Regulation or deregulation can be used as the controlling power sees fit, and for free market capitalists and Keynesian leftists and progressives (really interventionists) to act like the solution to the economic problems are some legislation, is naive. The IMF shock doctrine is one that is predicated on deregulation that allows the implosion of third world nations’ economies. It is essentially a restructuring of those economies by the global mega-banks and corporations that are done by deregulation, allowing them to enter those nations (such as NAFTA), and then in turn those international interests using regulations to shut down any competition and control resources.
This is how the global economy works, and it’s all bundled into a massive ball of toxic derivatives assets that are then backed up by the governments, who are forced to sign on to bailing the speculative hedge funds that use derivatives as weapons of mass destruction. credit default swaps and derivatives are now a huge portion of the global economy.
People in general are not aware of the existence of derivatives and the consequences of having governments sign on to bailing out megabanks who are liable to go under from losing. The argument is made that the entity going under is so large, that for it to fail, the national or global economy would suffer as a result. This was the purpose of the 2008 Banker Bailout. The system is layered to create confusing, but isn’t that difficult to grasp. The banks and hedge funds are made to go under, so that the real assets of the national economies can be signed on to back up the non-existent digital derivative debts, which are more or less leveraged to infinity. The name of the game is simply consolidation of power. As Nomi Prins explains in It Takes a Pillage, “The acquisition of power comes through the consolidation of money on Wall Street.”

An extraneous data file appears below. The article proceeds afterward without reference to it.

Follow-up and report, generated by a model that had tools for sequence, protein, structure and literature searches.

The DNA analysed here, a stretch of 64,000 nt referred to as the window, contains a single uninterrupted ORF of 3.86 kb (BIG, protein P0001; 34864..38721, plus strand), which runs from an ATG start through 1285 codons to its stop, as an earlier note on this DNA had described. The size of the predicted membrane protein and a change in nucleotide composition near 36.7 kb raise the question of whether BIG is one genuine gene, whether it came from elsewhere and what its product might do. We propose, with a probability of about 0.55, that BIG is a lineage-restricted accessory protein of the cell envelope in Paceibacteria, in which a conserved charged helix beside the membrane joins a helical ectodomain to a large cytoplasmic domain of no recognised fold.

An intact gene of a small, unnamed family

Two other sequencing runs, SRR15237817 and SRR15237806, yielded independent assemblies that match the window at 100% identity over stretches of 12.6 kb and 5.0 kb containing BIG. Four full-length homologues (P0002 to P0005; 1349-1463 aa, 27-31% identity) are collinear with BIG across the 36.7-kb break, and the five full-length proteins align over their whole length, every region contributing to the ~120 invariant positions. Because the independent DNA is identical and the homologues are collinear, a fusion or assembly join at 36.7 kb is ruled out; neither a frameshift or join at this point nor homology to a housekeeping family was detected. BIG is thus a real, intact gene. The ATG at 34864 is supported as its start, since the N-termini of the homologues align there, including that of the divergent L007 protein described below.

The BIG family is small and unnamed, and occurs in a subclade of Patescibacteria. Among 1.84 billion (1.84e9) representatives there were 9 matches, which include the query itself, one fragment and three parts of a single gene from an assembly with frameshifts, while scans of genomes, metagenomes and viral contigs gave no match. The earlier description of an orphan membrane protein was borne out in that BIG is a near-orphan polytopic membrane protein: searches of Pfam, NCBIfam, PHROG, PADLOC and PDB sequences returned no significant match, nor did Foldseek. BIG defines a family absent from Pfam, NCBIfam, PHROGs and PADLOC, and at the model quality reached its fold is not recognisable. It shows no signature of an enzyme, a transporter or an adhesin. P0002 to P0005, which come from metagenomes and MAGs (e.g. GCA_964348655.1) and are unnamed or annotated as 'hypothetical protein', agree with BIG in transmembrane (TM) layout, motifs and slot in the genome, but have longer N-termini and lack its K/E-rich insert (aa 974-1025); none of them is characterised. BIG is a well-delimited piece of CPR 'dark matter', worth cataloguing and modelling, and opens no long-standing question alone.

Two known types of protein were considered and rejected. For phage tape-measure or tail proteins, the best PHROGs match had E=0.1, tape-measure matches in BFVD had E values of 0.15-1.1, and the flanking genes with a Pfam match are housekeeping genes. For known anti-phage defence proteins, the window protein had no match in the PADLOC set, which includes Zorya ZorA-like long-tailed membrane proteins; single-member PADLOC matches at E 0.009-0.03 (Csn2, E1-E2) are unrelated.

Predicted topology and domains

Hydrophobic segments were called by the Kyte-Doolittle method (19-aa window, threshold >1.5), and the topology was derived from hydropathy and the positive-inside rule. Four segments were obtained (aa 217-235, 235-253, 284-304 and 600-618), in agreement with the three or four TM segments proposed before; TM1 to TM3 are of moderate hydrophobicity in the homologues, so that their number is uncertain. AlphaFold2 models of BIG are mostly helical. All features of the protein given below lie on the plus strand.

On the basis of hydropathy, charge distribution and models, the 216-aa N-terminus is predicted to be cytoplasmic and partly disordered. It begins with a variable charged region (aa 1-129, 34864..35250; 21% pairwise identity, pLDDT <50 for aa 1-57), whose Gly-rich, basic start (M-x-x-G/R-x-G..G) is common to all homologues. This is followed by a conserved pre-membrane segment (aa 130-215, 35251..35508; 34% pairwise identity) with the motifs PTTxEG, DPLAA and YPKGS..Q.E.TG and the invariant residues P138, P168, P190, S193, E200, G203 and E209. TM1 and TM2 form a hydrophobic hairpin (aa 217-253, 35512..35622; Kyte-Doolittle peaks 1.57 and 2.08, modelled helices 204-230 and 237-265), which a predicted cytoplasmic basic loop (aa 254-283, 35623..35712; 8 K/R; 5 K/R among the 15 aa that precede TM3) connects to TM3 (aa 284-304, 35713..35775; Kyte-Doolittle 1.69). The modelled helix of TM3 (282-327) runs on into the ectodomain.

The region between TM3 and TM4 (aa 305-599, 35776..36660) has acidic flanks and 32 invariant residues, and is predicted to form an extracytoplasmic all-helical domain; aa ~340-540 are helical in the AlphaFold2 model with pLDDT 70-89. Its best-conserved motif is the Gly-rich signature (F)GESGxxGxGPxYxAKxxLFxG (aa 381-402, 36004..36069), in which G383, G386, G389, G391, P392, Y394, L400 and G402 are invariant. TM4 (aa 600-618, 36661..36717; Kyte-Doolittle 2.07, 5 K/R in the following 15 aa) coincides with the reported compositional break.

This basic strategy was explained in the IMF-leaked documents that were sent to Greg Palast of the BBC. Palast writes that, according to the confirmation of Dr. Joseph Stiglitz, former chief economist of the World Bank. It describes the steps taken to take over an economy and consolidate the assets:
“Step One is Privatization – which Stiglitz said could more accurately be called, ‘Briberization.’ Rather than object to the sell-offs of state industries, he said national leaders – using the World Bank’s demands to silence local critics – happily flogged their electricity and water companies. “You could see their eyes widen” at the prospect of 10% commissions paid to Swiss bank accounts for simply shaving a few billion off the sale price of national assets.”
This is my point about privatization versus common good as being somewhat irrelevant. That was a relevant debate when economies were smaller and more localized. Now, with global corporations and mega-banks having GDPs greater than many nations, regulation and deregulation can be alternately utilized, depending on the strategic need for full spectrum dominance. Note as well that control of resources and assets is the crucial locus of real power: not “money,” so to speak.